We have, according to the articles, two people born female who desired to be likened unto males. The one (Thomas, aka Laura) that was able to have the sex reassignment was once already in a relationship with a woman. That by definition is homosexuality. The other (Scott, aka Jessica) was born female, did not have sex reassignment, and is now using her female reproductive organs to carry a child, all the while claiming to desire to be male. This too is homosexuality, with even a more perverted twist. Being both females, they could not biology produce a child, so (s)he ‘got pregnant using the sperm of a friend in June 2009, the Daily Mail reports.’

But, yet there is even more confusion to the story. Not only do we have (1) two females wanting to be males; (2) with one female wanting to be male, yet carry a baby as a female; (3) they are ‘legally married’ because Scott (aka Jessica) still uses her female birth certificate to do so.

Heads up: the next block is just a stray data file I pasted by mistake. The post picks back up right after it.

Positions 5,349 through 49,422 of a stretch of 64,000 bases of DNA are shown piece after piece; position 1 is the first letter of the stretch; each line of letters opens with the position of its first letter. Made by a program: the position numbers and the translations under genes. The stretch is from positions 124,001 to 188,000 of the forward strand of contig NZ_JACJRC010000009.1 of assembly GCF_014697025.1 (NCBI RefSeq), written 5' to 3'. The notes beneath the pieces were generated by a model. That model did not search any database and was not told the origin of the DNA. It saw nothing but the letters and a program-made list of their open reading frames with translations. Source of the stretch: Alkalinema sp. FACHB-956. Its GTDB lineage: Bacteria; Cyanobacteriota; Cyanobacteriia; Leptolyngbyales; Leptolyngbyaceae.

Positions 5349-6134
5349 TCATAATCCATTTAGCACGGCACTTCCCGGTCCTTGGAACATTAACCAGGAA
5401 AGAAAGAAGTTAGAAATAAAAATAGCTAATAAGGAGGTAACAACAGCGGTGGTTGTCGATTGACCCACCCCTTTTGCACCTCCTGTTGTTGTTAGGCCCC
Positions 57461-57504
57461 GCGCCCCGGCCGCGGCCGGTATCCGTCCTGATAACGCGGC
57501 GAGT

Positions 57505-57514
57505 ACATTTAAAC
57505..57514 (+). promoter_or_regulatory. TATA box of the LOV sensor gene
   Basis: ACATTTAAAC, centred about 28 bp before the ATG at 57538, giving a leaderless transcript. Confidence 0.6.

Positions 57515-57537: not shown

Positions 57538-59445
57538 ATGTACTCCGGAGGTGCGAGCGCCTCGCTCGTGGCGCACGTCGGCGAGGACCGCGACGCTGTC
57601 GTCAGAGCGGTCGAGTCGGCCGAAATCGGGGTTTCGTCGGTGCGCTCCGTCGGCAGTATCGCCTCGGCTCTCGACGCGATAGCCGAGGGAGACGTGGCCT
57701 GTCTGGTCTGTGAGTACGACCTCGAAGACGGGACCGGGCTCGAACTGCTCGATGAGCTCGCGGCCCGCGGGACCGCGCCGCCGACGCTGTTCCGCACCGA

It is amazing at what lenghts people will go to try to justify their love of sin, and not only with such cases as these, but with many other sins we have and are guilty of committing ourselves. May we be moved by the Holy Spirit unto conviction to repent of sin, and put our faith in Jesus Christ. Pray for your children and those you know, for such stories may surely become the 'norm' should those who despise the Light have their way...

Wednesday, January 20, 2010

Parents Know Your Children - Church Know Their Parents

Granted, I haven’t really stayed up-to-date with all the news surrounding Rifqa Bary, who has seemingly been labeled the Christian Convert in more than a few articles, but in reading a few reports today of her apparent runaway with the help of church leadership, I couldn’t help but consider a few thoughts in regards to the situation.